All About Sunitinib

Sunitinib is a chemotherapeutic medicine prescribed for kidney cancer treatment. Its common brand names include Sutent and Sunicine. It is available as oral tablets of strengths: 12.5mg, 25mg, and 50mg.


FDA Approval History:

For Gastrointestinal Stromal Tumors: Jan 26, 2006

For Advanced Renal Cell Carcinoma: Jan 26, 2006

For Pancreatic Cancer: May 20, 2011


Sunitinib is an oral, small-molecule, multi-targeted receptor tyrosine kinase inhibitor and chemotherapeutic drug indicated:

  • After disease progression on or intolerance to imatinib mesylate in patients with Gastrointestinal Stromal Tumor (GIST).
  • To patients with Advanced Renal Cell Carcinoma (RCC).
  • For adjuvant treatment to adult patients with Renal Cell Carcinoma (RCC) who are at high risk of recurrent RCC following nephrectomy.
  • To patients with progressive, well-differentiated Pancreatic Neuroendocrine Tumors with unresectable locally advanced or metastatic disease.


Sunitinib is a targeted therapy drug that belongs to the class of receptor tyrosine kinase inhibitors. It works in the following manner.

  • STEP-1
    Receptor Tyrosine Kinase:
    These are the high-affinity cell surface receptors that are a part of protein tyrosine kinases. Receptor tyrosine kinase plays a vital role in the regulation of cell growth, differentiation, and survival.
  • STEP-2
    Sunitinib Enters:
    Sunitinib inhibits various receptor tyrosine kinases, some of which facilitate tumor growth, pathologic angiogenesis, and metastatic progression of cancer.
  • STEP-3
    Cell Death:
    Due to the effect of Sunitinib, it becomes tough for cells to undergo division and other survival processes. This ultimately leads to cell death.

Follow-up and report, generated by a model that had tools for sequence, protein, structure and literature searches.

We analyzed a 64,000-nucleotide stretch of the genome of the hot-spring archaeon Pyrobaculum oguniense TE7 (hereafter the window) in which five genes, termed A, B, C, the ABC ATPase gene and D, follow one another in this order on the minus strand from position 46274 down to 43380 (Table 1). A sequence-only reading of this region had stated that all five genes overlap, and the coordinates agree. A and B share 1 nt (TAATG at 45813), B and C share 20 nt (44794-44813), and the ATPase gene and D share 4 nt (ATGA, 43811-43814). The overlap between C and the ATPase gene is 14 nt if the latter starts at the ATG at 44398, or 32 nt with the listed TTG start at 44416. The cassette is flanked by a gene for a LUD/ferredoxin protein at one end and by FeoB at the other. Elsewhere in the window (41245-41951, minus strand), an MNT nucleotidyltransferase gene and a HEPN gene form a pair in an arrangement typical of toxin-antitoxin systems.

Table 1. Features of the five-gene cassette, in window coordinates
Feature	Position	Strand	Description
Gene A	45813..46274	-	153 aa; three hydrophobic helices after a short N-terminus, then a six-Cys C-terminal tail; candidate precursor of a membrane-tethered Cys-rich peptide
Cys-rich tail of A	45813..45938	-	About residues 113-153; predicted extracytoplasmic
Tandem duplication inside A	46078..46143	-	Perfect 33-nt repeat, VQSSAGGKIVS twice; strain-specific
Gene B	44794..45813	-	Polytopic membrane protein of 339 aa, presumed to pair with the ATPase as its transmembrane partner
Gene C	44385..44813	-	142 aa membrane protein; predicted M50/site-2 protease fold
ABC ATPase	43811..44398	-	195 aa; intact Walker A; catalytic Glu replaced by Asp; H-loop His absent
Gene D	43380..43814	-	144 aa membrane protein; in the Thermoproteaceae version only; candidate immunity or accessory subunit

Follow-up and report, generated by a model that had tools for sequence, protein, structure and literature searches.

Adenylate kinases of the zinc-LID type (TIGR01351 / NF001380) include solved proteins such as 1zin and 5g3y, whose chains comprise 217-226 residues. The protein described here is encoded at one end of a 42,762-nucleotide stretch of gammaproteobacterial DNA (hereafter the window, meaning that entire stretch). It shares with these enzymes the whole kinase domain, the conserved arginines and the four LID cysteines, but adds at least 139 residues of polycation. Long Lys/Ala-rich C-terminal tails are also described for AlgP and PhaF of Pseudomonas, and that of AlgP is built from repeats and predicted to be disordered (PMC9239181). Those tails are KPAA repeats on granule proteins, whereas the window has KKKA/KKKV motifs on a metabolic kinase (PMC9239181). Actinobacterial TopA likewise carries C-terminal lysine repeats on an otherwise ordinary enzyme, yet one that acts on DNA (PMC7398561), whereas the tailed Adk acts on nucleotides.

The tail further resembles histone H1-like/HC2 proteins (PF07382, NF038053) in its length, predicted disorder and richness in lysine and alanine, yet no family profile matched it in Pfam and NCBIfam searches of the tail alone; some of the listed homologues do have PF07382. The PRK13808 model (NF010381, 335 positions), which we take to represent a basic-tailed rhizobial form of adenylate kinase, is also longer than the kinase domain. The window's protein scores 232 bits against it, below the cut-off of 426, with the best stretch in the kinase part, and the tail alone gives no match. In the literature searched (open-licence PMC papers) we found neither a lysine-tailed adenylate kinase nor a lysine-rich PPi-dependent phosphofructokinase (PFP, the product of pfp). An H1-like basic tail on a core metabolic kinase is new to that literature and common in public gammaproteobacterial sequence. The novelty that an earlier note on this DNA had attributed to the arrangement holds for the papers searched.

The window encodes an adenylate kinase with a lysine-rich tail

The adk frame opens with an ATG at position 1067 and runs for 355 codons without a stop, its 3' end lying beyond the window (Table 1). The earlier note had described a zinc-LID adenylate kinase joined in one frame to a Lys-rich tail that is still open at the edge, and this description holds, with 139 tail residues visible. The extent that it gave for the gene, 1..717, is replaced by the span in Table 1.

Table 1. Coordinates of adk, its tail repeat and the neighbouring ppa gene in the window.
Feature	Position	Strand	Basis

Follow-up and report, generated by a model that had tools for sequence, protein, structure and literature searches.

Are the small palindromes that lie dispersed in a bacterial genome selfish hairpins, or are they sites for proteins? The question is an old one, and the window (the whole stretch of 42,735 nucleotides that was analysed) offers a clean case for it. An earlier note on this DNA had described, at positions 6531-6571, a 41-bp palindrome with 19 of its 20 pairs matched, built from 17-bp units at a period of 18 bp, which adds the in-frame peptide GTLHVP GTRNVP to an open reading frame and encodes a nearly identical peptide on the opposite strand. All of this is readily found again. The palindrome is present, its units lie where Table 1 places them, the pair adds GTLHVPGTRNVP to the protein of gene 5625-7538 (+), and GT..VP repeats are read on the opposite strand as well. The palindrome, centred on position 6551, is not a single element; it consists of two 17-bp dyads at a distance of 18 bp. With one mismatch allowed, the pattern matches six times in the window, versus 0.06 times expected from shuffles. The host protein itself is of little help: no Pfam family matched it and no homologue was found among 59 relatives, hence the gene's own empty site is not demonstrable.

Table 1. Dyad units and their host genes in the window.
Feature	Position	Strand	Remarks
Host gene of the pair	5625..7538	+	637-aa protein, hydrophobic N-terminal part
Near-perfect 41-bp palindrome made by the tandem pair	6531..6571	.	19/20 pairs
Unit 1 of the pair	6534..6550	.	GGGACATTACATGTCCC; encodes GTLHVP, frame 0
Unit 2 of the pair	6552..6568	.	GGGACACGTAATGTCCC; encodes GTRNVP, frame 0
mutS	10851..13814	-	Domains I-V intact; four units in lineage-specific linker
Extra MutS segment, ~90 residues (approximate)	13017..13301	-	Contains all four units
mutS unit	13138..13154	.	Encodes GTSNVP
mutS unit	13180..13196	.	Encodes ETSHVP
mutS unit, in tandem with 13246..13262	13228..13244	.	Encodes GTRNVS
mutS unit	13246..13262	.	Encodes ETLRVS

Side Effects

Side effects of drugs may occur because the formulations are new to your body mechanisms. Therefore, your doctor may prescribe an over-the-counter regimen to be taken if side effects appear. Below are some of such common & rare adverse effects.


Common side effects

  • Bleeding gums
  • Fever
  • Cracked lips
  • Nervousness
  • Dizziness
  • Headache
  • Fainting
  • Difficulty in breathing
  • Unusual weight loss
  • Irregular heartbeat
  • Coughing up blood
  • Chest tightness


Rare side effects

  • Seizures
  • Abdominal pain
  • Skin rash
  • Skin darkening
  • Vomiting
  • Changes in vision
  • Tiredness
  • Numbness in the leg


Side effects of unknown incidence

  • Blistering of the skin
  • Joint stiffness
  • Cough
  • Muscle cramps
  • Itching
  • Difficulty in urination
  • Sore throat
  • Pale skin
  • Mouth sores
  • Ulcers
  • Increased thirst
  • Skin lesions
  • Tooth loosening

Warnings and Precautions

  • Pregnancy
    In pregnant women, Sunitinib can cause serious harm after administration. Due to this, patients are advised to use effective contraception during therapy. Though no proven studies of this drug in pregnant females are available.
  • Nursing